From the very beginning, West Side Story had a lot of weight on its shoulders. The original 1957 production by Jerome Robbins marked the Broadway debut of late lyricist Stephen Sondheim, and its success led to a film adaptation in 1961. That film won 10 of its 11 nominations at the Academy Awards the following year. In addition to winning Best Picture, it also saw a Best Supporting Actress win for Rita Moreno, marking the first time a Hispanic actress did so. Naturally, many fans hold it in high regard.
Unfortunately, what is born crooked can never be straightened. Theater fans may revere it, but they only do so because they are either painfully unaware or blissfully ignorant of its problematic elements. For one thing, the 1961 film makes the egregious choice of casting white actors in brownface as Puerto Rican characters. To its credit, this new iteration – brought to us by director Steven Spielberg – doesn’t make that same mistake. Still, it functions more as a spectacle by and for white American viewers than a display of compassion for oppressed Puerto Ricans. In an age where representation matters, it’s hard to accept half-measures as anything substantial.
As usual, West Side Story centers on a rivalry between street gangs in 1950’s New York City. The Jets are the greasy, finger-snapping white kids who think Puerto Ricans are taking away their neighborhood along with any opportunity for their own growth. The opposing Puerto Rican gang, the Sharks, acts as a defense in response to the Jets. Amidst all that is Maria (Rachel Zegler), the wide-eyed little sister of the Sharks leader, Bernardo (David Alvarez). She longs for a better life under the illusion of the prosperity the “American Dream” promises. We also have Tony (Ansel Elgort), a founding member of the Jets and an ex-convict who wants to leave the past behind. Eventually, Maria and Tony meet and spark a romance, which causes even more tension between the Jets and the Sharks.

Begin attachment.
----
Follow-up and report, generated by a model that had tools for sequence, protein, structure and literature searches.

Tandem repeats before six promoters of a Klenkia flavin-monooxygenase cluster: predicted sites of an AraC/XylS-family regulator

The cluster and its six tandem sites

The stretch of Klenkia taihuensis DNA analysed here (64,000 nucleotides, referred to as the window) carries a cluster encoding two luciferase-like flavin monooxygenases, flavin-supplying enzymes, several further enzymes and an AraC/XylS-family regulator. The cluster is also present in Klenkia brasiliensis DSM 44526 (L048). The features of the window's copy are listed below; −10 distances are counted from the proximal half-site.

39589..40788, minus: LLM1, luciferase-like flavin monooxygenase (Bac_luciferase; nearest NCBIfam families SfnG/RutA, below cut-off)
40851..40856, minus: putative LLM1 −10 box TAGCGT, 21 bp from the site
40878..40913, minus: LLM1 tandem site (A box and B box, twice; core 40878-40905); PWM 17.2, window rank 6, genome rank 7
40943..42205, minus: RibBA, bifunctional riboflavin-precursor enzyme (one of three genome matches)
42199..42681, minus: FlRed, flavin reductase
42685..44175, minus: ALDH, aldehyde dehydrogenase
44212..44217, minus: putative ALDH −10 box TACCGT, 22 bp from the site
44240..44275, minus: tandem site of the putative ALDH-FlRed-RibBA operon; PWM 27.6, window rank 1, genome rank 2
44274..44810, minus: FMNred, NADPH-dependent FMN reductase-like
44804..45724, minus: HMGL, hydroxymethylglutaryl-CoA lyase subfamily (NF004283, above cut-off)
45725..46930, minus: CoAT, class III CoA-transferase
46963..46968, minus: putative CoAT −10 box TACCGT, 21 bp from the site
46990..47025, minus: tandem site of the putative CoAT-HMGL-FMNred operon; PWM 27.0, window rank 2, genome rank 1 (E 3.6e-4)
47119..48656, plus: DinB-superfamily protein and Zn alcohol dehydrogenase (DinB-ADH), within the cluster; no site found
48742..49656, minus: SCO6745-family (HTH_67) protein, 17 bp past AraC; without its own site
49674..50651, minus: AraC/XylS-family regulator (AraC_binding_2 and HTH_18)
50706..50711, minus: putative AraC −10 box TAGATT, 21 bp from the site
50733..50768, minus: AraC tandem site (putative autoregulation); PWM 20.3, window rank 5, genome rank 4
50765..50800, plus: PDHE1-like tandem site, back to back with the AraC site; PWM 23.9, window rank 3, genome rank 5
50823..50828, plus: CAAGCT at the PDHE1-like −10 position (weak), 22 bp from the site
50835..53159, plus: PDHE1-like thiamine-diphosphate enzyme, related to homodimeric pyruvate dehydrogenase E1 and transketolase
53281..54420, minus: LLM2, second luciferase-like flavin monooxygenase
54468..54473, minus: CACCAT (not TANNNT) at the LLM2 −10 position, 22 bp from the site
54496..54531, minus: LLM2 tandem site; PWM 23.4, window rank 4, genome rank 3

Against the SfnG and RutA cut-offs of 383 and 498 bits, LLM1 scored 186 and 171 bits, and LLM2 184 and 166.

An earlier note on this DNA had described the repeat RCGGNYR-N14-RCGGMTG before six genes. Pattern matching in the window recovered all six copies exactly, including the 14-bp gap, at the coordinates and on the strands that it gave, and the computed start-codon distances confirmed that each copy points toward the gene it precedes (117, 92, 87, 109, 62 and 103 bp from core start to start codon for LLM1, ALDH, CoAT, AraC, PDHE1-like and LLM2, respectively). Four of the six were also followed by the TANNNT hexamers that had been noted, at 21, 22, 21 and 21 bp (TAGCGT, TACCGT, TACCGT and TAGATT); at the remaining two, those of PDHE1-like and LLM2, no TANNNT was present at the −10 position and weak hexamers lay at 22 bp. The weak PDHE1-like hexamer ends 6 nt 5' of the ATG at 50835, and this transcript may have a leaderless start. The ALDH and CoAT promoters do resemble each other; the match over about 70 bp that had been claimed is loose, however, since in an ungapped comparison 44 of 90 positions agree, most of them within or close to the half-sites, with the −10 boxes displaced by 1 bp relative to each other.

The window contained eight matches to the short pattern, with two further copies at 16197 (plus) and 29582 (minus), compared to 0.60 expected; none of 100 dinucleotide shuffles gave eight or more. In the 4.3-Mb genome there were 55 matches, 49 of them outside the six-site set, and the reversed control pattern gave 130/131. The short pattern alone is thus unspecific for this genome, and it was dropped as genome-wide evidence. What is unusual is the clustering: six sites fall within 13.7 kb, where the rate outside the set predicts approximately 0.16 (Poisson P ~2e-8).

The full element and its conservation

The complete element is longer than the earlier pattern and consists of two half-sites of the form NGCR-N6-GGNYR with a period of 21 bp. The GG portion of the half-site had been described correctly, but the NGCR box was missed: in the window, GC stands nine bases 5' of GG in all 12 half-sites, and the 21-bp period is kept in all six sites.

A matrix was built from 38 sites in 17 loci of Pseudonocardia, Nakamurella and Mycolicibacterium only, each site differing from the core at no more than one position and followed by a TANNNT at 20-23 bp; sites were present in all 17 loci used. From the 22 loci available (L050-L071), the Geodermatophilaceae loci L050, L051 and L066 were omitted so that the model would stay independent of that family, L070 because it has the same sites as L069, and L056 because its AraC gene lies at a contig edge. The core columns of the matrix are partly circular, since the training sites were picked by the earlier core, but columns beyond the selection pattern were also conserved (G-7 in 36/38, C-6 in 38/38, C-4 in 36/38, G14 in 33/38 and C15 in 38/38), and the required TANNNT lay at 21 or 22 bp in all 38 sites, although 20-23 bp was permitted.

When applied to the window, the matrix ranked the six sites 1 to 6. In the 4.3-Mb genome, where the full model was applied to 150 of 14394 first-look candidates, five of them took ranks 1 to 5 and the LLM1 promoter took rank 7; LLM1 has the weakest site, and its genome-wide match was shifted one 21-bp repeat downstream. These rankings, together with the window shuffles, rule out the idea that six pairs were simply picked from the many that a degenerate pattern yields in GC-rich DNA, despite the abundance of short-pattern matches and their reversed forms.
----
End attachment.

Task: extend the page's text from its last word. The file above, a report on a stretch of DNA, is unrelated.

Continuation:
This misguided spin on Romeo and Juliet oversees a historically complicated power dynamic between the United States and Puerto Rico. In spite of West Side Story being sold as a step forward in Latine representation, the culture portrayed in the film is ornamental. From the very first scene, everything about Puerto Ricans is secondary to the white experience. There is not enough razzle-dazzle in the world that could erase the blatantly offensive accents and gratuitous violence inflicted upon the Puerto Rican community. The incessant use of old racial slurs feels unnecessary and downright aggressive.
With the beginning of “Tonight,” Maria and Tony’s first song together, it felt like a thinly-veiled analogy of the Jones Act. This federal maritime law only allows U.S. shipments to go in and out of Puerto Rico, thus crippling its economy. As a result, Puerto Rico plays a submissive role in the relationship between it and the U.S. Meanwhile, Maria mirrors this dynamic, as she practically kneels for an American man fetishizing her.
On top of that, the film incorporates details of the Puerto Rican experience without much thought. Early on, the Sharks sing Lola Rodríguez De Tió’s revolutionary anthem as they leave the Jets. The same anthem Puerto Ricans themselves could not utter without fear of getting arrested due to the Gag Law of 1948. Incidentally, it was repealed in 1957, the same year in which the musical takes place. Due to the violent U.S. government repression of the Puerto Rican independence movement, Puerto Ricans today cannot sing Rodríguez De Tió’s call to freedom at official events.